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About Farm Roots Connection

Farm Roots Connection is a multi-farm cooperative CSA that delivers fresh farm goods to Northeast Ohio. We deliver weekly shares of high quality, fresh produce, dairy, eggs and meats and also offer honey, maple syrup and breads from artisan bakers. Our farmers are committed to using sustainable and natural practices for growing produce and treat animals humanely with unlimited access to the outdoors and pasture. The distribution and delivery system of our products is owned and managed by our farmers in a cooperative way.

Farmer Owned and Operated

We are a farmer owned and managed cooperative. Our goal is to provide the missing link, a distribution system that connects the farmer directly to the eater. We ensure that all our producer members are following our strict production and packaging guidelines, and adhere to health and licensing requirements. Growers are selected for the quality of their products, reliability and a commitment to sustainability. By combining our farms we can provide a more diverse mix of product to our customers and spread the risks of farming to insure there will be available product for you. This new model of cooperative distribution and marketing for small-scale growers will help our community of farmers thrive and protect our valuable agricultural lands.

This section contains the posts that Farm Roots Connection Staffers make to the website. These include recipes, updates about the cooperative, and notes from producers about what’s happening on their farms and how they grow the produce you’ll see in your CSA share! Please follow this link (in CSA season) to check out our weekly CSA newsletter.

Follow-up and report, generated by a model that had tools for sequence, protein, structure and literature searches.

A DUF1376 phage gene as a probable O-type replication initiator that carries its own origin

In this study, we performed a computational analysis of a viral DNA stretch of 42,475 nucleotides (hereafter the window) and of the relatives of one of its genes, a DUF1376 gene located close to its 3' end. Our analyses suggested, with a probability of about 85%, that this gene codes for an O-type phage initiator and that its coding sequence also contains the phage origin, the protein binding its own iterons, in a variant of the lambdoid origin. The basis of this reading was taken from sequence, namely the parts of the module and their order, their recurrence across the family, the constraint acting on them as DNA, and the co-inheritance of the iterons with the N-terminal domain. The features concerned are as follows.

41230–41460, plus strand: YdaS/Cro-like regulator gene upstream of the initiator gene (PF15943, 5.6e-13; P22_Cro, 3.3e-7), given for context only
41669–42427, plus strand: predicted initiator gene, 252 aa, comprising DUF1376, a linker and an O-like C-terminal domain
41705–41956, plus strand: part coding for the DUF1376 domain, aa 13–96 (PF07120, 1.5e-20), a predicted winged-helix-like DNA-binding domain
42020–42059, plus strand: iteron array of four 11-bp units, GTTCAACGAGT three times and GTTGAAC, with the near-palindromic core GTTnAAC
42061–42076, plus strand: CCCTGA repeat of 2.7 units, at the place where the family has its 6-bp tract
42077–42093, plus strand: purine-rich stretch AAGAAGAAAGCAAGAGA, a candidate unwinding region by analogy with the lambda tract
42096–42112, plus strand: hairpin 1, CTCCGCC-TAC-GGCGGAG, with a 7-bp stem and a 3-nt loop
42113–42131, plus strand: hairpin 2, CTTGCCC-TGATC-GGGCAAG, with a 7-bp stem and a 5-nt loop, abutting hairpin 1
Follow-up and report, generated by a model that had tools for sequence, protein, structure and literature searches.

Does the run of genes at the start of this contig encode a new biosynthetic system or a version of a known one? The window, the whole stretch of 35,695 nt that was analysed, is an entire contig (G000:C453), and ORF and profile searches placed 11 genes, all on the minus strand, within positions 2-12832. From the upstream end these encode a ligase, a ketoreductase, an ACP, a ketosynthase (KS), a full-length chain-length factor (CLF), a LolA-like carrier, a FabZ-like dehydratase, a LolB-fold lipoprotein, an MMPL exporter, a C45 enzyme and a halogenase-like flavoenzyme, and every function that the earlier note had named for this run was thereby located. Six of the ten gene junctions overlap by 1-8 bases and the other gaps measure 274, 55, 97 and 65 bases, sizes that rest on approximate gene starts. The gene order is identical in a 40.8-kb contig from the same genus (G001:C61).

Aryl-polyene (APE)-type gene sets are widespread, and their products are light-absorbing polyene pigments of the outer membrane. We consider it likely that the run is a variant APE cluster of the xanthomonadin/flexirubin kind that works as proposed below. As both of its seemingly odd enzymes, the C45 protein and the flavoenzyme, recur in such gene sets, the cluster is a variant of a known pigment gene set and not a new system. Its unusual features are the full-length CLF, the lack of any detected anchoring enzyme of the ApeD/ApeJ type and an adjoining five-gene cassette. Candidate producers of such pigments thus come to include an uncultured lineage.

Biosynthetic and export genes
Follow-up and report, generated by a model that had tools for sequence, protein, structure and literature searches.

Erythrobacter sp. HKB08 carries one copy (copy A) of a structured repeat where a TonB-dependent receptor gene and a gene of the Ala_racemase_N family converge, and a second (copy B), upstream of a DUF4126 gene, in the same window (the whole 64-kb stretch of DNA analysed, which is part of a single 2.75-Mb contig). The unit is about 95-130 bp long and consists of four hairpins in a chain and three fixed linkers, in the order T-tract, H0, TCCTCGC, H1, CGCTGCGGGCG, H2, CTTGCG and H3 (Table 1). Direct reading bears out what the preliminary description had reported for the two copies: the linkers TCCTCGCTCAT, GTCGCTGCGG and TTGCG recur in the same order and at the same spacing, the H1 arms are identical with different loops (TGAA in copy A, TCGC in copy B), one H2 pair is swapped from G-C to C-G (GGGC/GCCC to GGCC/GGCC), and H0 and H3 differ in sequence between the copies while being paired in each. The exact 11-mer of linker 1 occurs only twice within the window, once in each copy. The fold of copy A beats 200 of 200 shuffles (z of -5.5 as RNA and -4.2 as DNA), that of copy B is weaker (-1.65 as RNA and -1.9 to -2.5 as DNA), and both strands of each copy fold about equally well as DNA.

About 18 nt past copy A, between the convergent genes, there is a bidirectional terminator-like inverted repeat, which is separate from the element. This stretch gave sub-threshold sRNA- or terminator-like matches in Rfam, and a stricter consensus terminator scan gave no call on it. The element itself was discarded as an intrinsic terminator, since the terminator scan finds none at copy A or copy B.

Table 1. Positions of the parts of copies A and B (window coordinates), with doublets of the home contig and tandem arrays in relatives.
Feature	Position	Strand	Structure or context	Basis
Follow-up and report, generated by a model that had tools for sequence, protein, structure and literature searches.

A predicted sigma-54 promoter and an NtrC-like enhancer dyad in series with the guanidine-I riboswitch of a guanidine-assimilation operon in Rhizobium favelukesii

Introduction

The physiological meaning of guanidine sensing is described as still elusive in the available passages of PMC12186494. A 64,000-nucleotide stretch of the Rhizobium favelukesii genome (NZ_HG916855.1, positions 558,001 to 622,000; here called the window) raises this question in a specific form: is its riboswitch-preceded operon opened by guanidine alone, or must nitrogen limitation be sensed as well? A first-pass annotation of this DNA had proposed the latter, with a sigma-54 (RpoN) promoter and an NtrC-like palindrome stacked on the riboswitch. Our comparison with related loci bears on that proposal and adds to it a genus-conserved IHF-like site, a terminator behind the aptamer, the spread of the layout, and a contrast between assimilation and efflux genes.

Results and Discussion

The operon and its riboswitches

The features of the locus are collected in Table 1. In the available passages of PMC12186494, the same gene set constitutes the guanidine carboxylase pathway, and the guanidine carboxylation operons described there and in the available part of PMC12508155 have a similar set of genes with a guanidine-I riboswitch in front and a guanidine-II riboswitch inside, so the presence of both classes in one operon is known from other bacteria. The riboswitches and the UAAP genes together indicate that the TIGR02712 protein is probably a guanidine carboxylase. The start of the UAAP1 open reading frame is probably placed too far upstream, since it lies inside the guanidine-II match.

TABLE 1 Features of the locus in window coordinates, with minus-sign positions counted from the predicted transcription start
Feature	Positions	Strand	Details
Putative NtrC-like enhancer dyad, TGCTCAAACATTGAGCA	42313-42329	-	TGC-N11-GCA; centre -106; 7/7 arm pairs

Note: Many of the recipes and information featured in this section come from this cookbook.


This first recipe is inspired by colcannon, an Irish mix of mashed potatoes and kale or cabbage. This lightened version is a mixture of two-thirds turnips and one-third potatoes, with the turnip greens stirred in at the end.



2 bunches turnips with greens attached (1 3/4 to 2 pounds, including greens)

1 pound russet or Yukon gold potatoes, peeled and quartered

Salt to taste

1 to 2 tablespoons extra virgin olive oil

1 leek, white and light green parts only, finely chopped

2/3 cup low-fat milk, or as needed

Freshly ground pepper



1. Cut away the greens from the turnips. Peel the turnips and quarter if they’re large; cut in half if they’re small. Stem the greens and wash in 2 changes of water. Discard the stems.

2. Combine the turnips and potatoes in a steamer set above 2 inches of boiling water. Steam until tender, 20 to 25 minutes. Remove from the steamer and transfer to a bowl. Cover the bowl tightly and leave for 5 to 10 minutes so that the vegetables continue to steam and dry out.

3. Fill the bottom of the steamer with water and bring to a boil. Add salt to taste and add the greens. Blanch for 2 to 4 minutes, until tender. Transfer to a bowl of cold water using a slotted spoon or skimmer, then drain and squeeze out excess water. Chop fine. Drain the water from the saucepan, rinse and dry.

4. Heat 1 tablespoon of the olive oil over medium heat in the saucepan and add the leek and a pinch of salt. Cook, stirring, until leeks are tender and translucent but not colored. Add the milk to the saucepan, bring to a simmer and remove from the heat.

5. Using a potato masher, a fork or a standing mixer fitted with the paddle, mash the potatoes and turnips while still hot. Add the turnip greens and combine well. Beat in the hot milk and the additional tablespoon of olive oil if desired, and season to taste with salt and pepper. Serve hot, right away, or transfer to a buttered or oiled baking dish and heat through in a low oven when ready to serve.


(from http://www.nytimes.com/2012/01/05/health/nutrition/mashed-turnips-and-potatoes-with-turnip-greens-recipes-for-health.html)


Not interested in mashed potatoes? It is summer, after all… so try this light, flavorful bruschetta:


Summer Turnip Bruschetta